The glory God gains through carrying out His plan is, as the last three verses above make clear, manifest when we are saved, when we respond in this life, and when we are glorified with Him at the resurrection.  By calling us out of this world through the gospel, calling us out of sin and death and darkness and into sanctity, life and light God is glorified – for who else could do such things?  Jesus Christ who created everything had to wed Himself to this creation irreversibly and pledge Himself to die for the sins of the world in order to bring these wonders about.  Truly, nothing is worthy of greater glory than the cross!  And it is through the cross that our Lord has been glorified with a glory beyond anything else in this world.

(17) [My prayer for you is] that the God of our Lord Jesus Christ, the glorious Father, may give to you a spirit of wisdom (i.e., the ability to apply truth) and revelation (i.e., the unveiling of truth made clear by the Spirit) by means of the full-knowledge (epignosis) of Him (i.e., through believing that testimony), (18) so that, with the eyes of your heart thus enlightened, you may understand what the hope of your calling [truly] is, what the riches of your glorious inheritance [truly are] in company with [all] the [other] saints, (19) and what the surpassing greatness of His power unto us who believe [truly is] – according to the very exercise of this powerful might of His (20) which He (i.e., the Father) exercised in Christ by having raised Him from the dead and having seated Him at His right hand in the heavenly [places] (21) far above every other rulership or authority or power or lordship and [far above] every other name which may be mentioned not only in this age but also in the age to come. (22) And He (i.e., the Father) subordinated all things under [Christ's] feet and gave Him [as] Head over all things in the Church (23) which is His Body, the fullness of the One who fills up all things in all ways.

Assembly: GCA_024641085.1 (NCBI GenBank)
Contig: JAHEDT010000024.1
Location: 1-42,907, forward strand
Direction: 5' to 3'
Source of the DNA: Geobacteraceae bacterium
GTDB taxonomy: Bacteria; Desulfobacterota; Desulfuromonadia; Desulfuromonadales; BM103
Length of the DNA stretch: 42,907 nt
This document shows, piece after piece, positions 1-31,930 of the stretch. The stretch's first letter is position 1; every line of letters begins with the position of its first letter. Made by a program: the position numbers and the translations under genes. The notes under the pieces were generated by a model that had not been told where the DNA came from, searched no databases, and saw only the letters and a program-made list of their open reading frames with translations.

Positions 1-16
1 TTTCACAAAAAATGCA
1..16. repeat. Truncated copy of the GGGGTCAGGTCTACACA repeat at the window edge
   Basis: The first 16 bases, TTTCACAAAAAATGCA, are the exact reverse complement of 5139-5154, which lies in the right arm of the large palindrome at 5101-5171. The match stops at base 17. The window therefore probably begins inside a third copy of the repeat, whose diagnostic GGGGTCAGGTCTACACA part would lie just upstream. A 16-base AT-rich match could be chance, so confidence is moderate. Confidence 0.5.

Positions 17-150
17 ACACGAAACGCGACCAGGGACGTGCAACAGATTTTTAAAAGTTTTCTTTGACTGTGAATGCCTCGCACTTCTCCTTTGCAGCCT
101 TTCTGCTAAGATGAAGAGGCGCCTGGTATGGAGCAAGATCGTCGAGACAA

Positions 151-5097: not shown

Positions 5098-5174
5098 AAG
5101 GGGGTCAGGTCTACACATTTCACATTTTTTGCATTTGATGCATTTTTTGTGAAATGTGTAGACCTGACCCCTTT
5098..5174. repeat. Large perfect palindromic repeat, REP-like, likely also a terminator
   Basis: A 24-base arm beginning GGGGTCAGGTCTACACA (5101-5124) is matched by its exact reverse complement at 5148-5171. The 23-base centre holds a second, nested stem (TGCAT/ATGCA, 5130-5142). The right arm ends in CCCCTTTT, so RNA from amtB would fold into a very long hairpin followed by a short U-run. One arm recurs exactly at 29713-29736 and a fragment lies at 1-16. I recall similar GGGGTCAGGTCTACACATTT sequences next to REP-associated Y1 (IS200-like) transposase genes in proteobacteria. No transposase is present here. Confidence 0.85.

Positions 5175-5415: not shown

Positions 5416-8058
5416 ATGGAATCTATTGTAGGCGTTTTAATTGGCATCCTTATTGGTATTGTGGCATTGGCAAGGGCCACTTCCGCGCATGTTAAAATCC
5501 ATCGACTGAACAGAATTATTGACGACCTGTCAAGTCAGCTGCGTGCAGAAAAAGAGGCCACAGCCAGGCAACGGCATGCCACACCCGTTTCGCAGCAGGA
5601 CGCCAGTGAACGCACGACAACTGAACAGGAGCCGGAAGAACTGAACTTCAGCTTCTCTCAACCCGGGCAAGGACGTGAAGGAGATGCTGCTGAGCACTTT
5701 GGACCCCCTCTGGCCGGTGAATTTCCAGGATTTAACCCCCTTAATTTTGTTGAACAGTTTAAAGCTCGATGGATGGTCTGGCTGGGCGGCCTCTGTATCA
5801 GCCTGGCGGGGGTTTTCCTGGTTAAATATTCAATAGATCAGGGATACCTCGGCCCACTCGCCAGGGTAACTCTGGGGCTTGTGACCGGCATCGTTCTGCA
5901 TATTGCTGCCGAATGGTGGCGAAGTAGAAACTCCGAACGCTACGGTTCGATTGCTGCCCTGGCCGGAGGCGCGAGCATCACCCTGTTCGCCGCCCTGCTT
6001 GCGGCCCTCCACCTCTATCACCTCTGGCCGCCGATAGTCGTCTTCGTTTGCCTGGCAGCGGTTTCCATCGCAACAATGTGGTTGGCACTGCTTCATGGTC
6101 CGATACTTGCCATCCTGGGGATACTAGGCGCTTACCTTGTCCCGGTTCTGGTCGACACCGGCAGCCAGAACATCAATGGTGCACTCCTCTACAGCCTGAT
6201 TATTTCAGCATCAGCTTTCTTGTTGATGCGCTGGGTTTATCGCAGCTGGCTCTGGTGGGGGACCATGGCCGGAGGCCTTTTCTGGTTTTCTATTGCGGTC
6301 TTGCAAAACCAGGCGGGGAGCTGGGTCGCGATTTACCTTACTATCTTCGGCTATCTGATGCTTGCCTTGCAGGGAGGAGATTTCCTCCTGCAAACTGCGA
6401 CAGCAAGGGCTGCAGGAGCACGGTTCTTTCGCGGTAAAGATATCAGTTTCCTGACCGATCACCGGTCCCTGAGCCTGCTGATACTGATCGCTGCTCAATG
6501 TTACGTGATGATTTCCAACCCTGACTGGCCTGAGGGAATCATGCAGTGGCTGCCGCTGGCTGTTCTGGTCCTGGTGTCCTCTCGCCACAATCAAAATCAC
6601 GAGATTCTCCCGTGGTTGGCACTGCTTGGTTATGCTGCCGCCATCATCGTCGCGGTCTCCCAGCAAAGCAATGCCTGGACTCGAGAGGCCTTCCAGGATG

Ephesians 1:18-23

In addition to glory, the second word in our context which Peter uses to explain the purpose, the motivation behind God's doing what He has done for us, translated here as "renown", is the Greek word arete.[10]  This word has a storied past and means both the excellence a person possesses and demonstrates in doing remarkable things as well as also the reputation gained in so doing.  It is an amazing thing to contemplate that God esteems His reputation so highly and that we are the beneficiaries of that divine desire to have His creatures see and appreciate and respond to His glory and to the glorious salvation He has rendered on our behalf at such an ineffable cost.  Let us resolve never to stint in our praise and our glorification of Him who created us and who saved us through the blood of Jesus Christ, for to this we have been called (1Thes.2:12).  To Him be the glory forever and ever!  Amen (Rom.11:36; 16:27; Gal.1:5; Eph.3:21; Phil.4:20; 2Tim.4:18; Heb.13:21; Rev.1:6; cf. Ps.8:1; 19:1; 29:9; 71:8; 96:3; 115:1; Is.42:8; Jer.9:23-24; 13:16)!

(7) Lift up your heads, you gates; be lifted up, you ancient doors, that the King of glory may come in. (8) Who is this King of glory? The Lord strong and mighty, the Lord mighty in battle. (9) Lift up your heads, you gates; lift them up, you ancient doors, that the King of glory may come in. (10) Who is he, this King of glory? The Lord Almighty – He is the King of glory.